Plans to demolish a house of historic interest have been refused following several objections.

Developers had requested to build three, four-bed detached houses on 78 Gallows Lane in Abbots Langley.

The ‘arts and crafts-style’ property currently there was built around 1921 and in June 2021 it was not deemed applicable for listing by Three Rivers District Council.

Watford Observer: The current house at 78 Gallows Hill Lane, Abbots LangleyThe current house at 78 Gallows Hill Lane, Abbots Langley (Image: Google Street View)

But the recent application was refused on July 3 by the council’s Local Planning Authority on grounds that the existing dwelling “positively contributed to the street scene given its architectural and local historical interest”.

It was also decided that the proposed development would not justify the loss of the current house and the new builds would be cramped on site.

The application was also refused due to a lack of information on biodiversity and protected species on site.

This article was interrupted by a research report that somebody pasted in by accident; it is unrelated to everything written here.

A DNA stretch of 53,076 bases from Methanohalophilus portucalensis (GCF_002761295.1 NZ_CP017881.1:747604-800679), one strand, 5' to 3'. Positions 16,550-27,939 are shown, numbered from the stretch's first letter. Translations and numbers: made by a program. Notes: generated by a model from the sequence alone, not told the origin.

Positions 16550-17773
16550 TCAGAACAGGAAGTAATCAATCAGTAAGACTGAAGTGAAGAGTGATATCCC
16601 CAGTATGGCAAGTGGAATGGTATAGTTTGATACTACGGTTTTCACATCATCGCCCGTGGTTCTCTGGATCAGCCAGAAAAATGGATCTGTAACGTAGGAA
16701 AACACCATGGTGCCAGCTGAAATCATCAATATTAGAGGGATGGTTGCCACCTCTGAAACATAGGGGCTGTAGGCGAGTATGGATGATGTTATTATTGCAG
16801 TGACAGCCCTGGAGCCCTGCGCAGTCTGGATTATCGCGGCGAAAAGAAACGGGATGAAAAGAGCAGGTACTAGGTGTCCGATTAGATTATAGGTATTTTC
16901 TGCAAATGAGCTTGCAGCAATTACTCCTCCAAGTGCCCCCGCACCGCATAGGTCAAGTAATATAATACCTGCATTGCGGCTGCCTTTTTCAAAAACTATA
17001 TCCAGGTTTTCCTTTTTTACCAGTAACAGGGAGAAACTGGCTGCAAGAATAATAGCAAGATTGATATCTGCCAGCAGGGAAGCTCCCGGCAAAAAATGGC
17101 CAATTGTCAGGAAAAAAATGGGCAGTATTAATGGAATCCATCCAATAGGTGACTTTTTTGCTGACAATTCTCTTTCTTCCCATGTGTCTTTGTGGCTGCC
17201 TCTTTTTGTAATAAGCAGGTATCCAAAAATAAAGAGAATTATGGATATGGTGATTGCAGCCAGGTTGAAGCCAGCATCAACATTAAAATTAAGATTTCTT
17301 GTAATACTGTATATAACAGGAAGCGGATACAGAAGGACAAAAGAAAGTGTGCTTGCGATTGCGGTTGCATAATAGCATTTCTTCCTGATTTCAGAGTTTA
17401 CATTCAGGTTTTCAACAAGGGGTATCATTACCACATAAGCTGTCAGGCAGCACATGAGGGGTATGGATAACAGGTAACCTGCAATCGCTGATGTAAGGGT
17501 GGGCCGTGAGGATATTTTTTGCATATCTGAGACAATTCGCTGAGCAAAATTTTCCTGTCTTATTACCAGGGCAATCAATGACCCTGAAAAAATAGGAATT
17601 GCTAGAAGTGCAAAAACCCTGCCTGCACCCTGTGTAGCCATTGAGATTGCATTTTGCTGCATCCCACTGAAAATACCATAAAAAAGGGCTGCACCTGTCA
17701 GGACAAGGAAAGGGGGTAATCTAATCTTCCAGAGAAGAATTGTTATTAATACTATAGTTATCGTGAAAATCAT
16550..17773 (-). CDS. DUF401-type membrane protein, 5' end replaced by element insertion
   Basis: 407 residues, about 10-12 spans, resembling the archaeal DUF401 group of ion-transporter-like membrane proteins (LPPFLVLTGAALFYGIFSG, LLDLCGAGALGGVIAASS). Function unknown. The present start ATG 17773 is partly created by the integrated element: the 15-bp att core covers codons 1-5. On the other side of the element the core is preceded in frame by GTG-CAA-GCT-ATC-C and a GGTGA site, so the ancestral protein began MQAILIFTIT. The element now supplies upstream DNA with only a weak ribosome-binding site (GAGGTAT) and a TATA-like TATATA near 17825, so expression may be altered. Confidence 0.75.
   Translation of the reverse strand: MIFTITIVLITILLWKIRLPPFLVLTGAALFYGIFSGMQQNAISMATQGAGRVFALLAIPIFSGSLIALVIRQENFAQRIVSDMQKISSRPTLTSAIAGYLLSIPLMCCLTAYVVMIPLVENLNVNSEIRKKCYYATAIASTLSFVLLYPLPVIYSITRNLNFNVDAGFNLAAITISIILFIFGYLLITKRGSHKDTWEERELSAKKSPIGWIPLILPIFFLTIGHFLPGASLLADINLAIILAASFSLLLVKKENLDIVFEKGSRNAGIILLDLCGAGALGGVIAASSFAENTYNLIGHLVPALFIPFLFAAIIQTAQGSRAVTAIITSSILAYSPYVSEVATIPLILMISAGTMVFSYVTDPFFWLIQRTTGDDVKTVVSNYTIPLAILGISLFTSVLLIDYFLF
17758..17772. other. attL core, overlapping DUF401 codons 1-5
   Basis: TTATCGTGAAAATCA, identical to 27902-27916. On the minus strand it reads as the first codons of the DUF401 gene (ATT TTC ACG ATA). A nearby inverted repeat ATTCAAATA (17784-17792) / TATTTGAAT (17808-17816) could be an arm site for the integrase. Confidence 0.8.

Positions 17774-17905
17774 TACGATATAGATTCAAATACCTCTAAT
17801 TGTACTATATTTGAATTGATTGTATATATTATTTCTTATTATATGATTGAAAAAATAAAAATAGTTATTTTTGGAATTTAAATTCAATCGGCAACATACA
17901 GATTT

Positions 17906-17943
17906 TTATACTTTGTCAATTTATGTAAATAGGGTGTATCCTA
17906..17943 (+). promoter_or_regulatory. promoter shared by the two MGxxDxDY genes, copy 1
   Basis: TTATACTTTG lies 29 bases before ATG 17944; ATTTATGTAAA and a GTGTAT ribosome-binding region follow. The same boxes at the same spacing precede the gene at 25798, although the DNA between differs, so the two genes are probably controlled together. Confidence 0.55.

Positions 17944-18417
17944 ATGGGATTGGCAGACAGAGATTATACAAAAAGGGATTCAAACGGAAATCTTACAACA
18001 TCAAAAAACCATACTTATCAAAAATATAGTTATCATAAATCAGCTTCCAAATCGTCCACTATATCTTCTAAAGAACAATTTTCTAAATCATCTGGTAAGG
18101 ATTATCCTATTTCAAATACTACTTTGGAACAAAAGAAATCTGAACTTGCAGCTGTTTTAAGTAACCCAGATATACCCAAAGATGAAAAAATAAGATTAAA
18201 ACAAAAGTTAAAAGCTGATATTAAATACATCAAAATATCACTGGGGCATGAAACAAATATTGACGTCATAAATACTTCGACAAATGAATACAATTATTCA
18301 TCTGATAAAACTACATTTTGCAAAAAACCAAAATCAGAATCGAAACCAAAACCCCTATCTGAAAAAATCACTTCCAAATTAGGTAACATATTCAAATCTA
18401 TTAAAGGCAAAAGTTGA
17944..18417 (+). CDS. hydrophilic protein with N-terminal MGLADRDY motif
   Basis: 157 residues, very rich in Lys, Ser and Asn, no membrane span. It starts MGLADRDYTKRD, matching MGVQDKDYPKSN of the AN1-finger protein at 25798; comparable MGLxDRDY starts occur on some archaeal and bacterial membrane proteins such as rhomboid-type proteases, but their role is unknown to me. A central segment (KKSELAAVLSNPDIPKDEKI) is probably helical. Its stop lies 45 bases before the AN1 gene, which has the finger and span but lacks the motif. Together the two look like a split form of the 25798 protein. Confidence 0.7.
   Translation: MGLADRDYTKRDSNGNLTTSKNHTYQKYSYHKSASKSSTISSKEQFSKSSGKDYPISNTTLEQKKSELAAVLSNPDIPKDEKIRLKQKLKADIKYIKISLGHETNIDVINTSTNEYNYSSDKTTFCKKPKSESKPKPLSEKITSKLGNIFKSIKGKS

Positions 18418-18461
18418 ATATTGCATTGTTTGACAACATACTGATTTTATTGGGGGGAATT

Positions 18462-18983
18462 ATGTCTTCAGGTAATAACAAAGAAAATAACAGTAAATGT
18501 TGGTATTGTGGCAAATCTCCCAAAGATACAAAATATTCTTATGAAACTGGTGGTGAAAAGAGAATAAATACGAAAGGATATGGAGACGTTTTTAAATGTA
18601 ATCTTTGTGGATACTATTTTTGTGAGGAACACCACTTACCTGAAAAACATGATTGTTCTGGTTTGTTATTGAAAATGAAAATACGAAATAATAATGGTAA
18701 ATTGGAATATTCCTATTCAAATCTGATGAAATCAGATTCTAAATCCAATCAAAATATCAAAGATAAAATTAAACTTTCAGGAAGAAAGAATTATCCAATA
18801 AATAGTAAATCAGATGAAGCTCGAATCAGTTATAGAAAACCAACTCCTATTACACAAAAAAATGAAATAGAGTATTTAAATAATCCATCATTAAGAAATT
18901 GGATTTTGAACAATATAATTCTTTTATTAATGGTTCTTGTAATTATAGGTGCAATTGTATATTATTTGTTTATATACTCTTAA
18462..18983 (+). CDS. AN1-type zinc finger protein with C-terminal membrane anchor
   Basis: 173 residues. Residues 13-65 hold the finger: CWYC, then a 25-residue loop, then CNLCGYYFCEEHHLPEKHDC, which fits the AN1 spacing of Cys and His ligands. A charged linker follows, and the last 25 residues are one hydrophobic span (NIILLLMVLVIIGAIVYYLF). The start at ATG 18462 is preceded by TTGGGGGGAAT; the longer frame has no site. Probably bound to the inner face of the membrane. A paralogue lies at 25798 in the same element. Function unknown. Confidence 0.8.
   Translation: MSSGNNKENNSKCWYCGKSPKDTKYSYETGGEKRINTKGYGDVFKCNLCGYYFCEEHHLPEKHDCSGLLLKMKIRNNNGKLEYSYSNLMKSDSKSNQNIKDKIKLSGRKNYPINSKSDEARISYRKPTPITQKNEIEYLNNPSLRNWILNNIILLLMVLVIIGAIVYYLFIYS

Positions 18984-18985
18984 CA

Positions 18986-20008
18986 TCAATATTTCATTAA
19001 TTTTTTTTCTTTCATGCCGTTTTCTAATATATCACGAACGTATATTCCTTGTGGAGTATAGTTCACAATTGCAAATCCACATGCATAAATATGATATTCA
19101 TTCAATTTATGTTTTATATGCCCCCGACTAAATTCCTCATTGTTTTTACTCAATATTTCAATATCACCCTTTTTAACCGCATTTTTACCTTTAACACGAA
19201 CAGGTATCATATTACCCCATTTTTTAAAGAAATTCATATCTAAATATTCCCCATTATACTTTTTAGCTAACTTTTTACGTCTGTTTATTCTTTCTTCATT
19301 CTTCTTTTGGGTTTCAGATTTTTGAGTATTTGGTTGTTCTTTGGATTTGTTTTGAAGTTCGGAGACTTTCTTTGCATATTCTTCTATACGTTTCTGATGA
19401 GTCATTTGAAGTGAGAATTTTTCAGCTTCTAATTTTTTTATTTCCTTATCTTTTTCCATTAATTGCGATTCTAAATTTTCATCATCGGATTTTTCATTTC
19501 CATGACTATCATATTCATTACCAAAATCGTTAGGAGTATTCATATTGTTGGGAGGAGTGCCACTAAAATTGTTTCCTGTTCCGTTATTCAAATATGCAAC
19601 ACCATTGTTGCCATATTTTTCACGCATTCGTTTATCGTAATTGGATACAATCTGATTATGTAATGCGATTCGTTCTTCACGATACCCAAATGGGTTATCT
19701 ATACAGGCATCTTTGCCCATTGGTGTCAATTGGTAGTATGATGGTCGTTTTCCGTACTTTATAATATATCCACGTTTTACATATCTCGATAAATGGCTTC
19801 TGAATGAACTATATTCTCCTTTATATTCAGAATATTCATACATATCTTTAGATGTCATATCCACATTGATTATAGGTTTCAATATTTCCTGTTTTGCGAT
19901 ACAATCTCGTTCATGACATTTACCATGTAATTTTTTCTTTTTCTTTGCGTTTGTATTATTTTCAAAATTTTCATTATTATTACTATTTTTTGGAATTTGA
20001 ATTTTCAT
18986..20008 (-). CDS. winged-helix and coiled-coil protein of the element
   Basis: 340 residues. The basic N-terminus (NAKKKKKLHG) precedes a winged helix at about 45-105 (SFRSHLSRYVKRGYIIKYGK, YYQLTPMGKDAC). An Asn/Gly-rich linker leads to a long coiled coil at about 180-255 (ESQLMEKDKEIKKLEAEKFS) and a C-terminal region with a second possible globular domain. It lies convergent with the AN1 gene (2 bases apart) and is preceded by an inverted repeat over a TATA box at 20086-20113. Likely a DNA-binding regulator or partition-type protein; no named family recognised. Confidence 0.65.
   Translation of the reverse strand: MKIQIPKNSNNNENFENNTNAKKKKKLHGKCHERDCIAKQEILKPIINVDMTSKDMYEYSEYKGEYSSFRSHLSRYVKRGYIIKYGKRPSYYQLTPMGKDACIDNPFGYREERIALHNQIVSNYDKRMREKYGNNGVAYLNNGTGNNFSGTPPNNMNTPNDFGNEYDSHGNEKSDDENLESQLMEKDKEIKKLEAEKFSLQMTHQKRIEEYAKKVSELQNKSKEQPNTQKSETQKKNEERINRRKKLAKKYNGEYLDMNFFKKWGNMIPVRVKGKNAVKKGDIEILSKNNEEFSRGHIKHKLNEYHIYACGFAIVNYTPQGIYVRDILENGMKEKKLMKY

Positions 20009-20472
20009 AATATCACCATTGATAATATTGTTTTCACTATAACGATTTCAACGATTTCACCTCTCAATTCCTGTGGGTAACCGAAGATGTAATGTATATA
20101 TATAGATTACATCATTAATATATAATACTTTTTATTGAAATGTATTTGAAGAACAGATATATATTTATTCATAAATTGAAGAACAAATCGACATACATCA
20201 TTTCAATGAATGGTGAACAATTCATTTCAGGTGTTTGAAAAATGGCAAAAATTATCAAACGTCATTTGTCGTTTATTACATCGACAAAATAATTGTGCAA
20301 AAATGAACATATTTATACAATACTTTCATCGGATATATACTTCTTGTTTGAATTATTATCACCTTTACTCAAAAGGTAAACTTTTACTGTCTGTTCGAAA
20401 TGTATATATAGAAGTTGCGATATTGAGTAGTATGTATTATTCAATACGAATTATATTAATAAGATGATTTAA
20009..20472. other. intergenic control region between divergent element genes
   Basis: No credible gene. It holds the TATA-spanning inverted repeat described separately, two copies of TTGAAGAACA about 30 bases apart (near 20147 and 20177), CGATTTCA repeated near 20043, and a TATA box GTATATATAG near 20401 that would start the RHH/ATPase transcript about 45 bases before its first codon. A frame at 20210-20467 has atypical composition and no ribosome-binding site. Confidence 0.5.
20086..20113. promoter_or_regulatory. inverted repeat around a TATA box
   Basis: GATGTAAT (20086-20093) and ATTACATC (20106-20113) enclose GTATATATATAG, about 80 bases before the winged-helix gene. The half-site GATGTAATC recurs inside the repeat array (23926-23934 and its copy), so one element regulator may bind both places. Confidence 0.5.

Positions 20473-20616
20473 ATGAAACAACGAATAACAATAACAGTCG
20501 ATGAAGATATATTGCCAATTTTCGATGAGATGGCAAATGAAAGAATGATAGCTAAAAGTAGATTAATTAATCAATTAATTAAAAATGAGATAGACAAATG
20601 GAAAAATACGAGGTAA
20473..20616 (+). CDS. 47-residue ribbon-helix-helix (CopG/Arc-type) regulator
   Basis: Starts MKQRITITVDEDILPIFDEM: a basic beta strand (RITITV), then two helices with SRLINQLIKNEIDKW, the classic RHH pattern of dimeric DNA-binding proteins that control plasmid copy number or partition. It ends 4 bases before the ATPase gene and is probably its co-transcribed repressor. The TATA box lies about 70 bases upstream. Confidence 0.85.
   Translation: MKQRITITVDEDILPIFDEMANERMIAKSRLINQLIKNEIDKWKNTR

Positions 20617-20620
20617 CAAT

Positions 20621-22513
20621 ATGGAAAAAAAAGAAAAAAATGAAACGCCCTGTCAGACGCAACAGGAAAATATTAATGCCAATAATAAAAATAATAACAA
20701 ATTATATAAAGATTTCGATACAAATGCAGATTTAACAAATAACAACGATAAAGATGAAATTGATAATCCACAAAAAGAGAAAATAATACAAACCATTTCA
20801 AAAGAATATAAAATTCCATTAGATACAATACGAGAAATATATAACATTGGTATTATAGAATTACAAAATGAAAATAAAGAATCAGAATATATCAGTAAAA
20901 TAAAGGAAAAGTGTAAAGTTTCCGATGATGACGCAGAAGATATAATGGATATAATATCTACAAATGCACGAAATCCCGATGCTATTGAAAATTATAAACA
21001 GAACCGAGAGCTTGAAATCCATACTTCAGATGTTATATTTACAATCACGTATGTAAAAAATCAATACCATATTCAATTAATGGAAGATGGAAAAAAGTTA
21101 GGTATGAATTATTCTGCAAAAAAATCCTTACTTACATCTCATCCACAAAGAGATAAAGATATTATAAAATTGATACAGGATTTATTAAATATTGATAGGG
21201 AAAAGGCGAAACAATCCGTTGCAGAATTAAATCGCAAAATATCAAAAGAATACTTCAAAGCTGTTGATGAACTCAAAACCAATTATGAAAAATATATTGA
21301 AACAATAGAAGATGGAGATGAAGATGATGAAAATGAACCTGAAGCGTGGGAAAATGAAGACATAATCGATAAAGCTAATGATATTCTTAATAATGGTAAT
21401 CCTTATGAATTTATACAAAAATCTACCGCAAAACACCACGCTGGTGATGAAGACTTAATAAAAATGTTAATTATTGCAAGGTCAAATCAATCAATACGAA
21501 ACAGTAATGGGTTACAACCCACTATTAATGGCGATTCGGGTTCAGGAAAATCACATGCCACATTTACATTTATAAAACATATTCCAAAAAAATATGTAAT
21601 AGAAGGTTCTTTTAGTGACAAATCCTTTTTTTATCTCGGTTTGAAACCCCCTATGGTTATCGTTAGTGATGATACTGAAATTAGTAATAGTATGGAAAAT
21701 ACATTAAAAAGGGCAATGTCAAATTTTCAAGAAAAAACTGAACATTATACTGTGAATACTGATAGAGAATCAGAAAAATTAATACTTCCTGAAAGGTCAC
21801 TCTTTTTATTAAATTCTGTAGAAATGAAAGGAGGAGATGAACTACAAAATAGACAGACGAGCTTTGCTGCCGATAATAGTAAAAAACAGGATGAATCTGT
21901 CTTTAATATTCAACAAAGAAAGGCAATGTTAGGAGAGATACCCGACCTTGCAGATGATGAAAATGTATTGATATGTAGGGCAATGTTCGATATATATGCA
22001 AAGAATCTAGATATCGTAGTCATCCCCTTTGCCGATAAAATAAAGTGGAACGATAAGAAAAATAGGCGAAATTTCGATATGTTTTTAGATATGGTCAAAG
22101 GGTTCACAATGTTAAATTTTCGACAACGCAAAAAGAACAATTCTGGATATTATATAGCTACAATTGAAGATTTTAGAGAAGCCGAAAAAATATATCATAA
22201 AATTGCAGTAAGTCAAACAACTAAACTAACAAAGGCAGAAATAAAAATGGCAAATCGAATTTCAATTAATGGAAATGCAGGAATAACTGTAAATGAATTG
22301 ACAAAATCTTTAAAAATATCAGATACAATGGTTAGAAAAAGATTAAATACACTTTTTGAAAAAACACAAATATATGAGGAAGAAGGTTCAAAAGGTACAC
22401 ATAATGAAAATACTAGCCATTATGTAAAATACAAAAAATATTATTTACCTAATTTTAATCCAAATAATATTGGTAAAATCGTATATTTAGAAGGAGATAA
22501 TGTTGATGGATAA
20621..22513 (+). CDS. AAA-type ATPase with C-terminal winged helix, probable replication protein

In addition, the development was found to fail in providing adequate requirement for emergency and waste vehicles to leave, enter and exit the site in forward gear.

Watford Observer: A CGI of the proposed new builds.A CGI of the proposed new builds. (Image: Render by FCVIZ)

Since the application was validated in March 14, it received 17 objections, and no-one offered their support.

Several people said they were against the build because they wanted to keep the original house.

One person said: “This is a tragic loss of a historic arts and craft house; we understand it is the last of its kind.”

Another objector said: “My children deserve the right to see properties like this, not just new builds.”

People who live near the site said the builds would disrupt their “right of light” due to the height of the new development.

An objector who lives next door said the plans look as though plot two is “hanging over my property”.

When the Watford Observer contacted the landowner and developer Jon Gomme, he declined to comment.

However, in March, he told the Observer said the proposed builds have been designed to take into consideration the current house’s aesthetics.

He added: “Living in this house now and heating it would not be cost effective and it would not be viable to fix it up.”

Mr Gomme said he lives in the village, is invested in the area, and hires local trades people.